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Where to stay and
what to do in

Ritzville

VISITOR INFORMATION

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ATTRACTIONS

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Nearby Cities and Towns
Ephrata, 57 miles
Moses Lake, 40 miles
Othello, 53 miles
Spokane, 58 miles

Cities and Towns of Southeast Washington


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Southeast Washington Travel Region
Ritzville, Washington

Ritzville, the seat of Adams County, lies in the heartland of eastern Washington agriculture. The prominent grain elevators link the town to the surrounding wheat fields, and indicate Ritzville remains an important milling and shipping center for dryland wheat. Indeed, the Washington Association of Wheat Growers is located here. Look for wheat rates posted on a chalkboard in the front window of the U.S. Department of Agriculture office on Main Street.

Clickable map of Washington, USA: banner_mtmapfhv.jpg (3527 bytes)

History

In 1881, the arrival of the Northern Pacific Railway ensured Ritzville's place as a agricultural shipping center, and fostered the development of the town. When Adams County was declared in 1883, Ritzville was named the county seat - not a difficult decision, as it was the only town in the county at the time. Over the next couple of decades, many many fine turn-of-the-century homes and downtown buildings were constructed. This was a boom time for Ritzville and it proudly declared itself "the largest wheat receiving station in the world." Despite a major blaze in1888 that ravaged original wooden buildings, the downtown area remains marvelously intact, and restoration projects continue. Ritzville remains modestly prosperous, although the advent of irrigation has seen nearby Othello grow to twice the size of Ritzville.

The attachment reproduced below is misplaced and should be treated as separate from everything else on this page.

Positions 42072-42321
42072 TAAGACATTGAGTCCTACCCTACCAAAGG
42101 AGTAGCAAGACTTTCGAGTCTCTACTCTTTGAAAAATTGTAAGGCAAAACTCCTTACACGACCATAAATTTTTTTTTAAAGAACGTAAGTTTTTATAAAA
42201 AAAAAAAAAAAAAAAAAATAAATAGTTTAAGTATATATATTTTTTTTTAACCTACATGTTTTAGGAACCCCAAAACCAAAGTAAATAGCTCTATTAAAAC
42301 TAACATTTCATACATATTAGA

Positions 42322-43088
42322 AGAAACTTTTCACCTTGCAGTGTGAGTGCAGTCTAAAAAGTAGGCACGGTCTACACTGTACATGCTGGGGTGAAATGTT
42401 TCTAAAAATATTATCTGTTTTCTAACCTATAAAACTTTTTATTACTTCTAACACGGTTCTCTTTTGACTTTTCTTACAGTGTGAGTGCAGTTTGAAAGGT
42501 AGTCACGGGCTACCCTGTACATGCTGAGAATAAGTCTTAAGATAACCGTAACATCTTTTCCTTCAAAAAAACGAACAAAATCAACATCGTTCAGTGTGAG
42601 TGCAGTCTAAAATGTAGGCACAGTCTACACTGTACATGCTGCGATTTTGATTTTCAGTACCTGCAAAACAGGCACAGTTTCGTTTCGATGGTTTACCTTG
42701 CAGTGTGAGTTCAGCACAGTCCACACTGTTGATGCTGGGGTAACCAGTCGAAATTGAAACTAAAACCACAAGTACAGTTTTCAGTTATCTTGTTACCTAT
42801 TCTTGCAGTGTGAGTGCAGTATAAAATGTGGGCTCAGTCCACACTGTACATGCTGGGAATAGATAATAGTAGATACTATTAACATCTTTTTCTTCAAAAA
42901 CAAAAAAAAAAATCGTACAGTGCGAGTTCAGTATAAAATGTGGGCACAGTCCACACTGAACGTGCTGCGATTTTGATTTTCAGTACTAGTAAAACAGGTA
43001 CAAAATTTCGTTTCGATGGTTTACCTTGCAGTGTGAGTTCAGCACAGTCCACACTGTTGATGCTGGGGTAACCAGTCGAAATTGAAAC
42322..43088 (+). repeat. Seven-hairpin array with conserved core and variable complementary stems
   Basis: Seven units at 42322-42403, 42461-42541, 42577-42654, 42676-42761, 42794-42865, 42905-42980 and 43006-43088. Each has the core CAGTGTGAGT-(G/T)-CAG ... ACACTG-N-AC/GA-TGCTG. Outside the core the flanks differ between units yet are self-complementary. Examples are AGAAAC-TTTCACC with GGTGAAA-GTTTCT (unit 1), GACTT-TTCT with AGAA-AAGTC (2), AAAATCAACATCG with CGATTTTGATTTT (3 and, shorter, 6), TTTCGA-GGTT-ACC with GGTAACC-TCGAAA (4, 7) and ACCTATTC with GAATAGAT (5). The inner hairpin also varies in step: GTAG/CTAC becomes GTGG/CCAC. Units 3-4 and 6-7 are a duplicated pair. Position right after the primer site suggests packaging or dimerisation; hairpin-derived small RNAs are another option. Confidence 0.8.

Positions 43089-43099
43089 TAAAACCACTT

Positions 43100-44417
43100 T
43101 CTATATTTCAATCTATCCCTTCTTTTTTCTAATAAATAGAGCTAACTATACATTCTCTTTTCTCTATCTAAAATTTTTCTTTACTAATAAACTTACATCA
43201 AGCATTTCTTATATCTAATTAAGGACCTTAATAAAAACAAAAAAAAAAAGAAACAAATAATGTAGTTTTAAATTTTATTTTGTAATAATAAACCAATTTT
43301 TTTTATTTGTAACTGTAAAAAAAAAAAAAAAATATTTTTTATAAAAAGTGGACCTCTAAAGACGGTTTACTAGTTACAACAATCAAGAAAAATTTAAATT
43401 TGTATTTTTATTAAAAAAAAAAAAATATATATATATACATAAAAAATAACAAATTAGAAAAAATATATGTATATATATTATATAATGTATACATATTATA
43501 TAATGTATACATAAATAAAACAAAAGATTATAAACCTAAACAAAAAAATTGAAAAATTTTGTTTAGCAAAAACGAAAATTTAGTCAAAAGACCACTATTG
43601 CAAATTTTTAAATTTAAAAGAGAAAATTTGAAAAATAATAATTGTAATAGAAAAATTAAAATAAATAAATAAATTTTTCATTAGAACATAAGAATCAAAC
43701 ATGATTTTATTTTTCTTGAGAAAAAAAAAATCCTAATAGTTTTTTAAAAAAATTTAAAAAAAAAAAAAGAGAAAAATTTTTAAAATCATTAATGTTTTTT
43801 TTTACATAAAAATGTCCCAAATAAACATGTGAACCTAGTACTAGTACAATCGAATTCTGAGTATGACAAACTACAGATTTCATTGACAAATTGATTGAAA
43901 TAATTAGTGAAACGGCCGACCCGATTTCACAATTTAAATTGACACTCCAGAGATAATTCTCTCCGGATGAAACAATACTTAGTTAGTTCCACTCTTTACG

With the Germanic town of Leavenworth so prominent on the tourist map, it might come as a surprise to learn that Ritzville was actually settled by a good proportion of German-Russian immigrants. Noting street names such as "Bauman" and "Rosenoff", will give you hint of this heritage. As late as World War II, two of the towns eight churches were German-speaking.

Name

Philip Ritz founded a homestead here in 1878, and gave his name to the site.

Downtown has two blocks of fine brick storefronts, as well as a Carnegie Library, and an art deco Ritz movie theatre. In fact the downtown district was placed on the National Register of Historic Places in 1990. In the photo at left, you can see the H. E. Gritman Building, on Main Street, with its corner tower.

The swimming pool at the nicely maintained city park on the eastern side of town, is a welcome respite for those traveling through hot, summertime eastern Washington.

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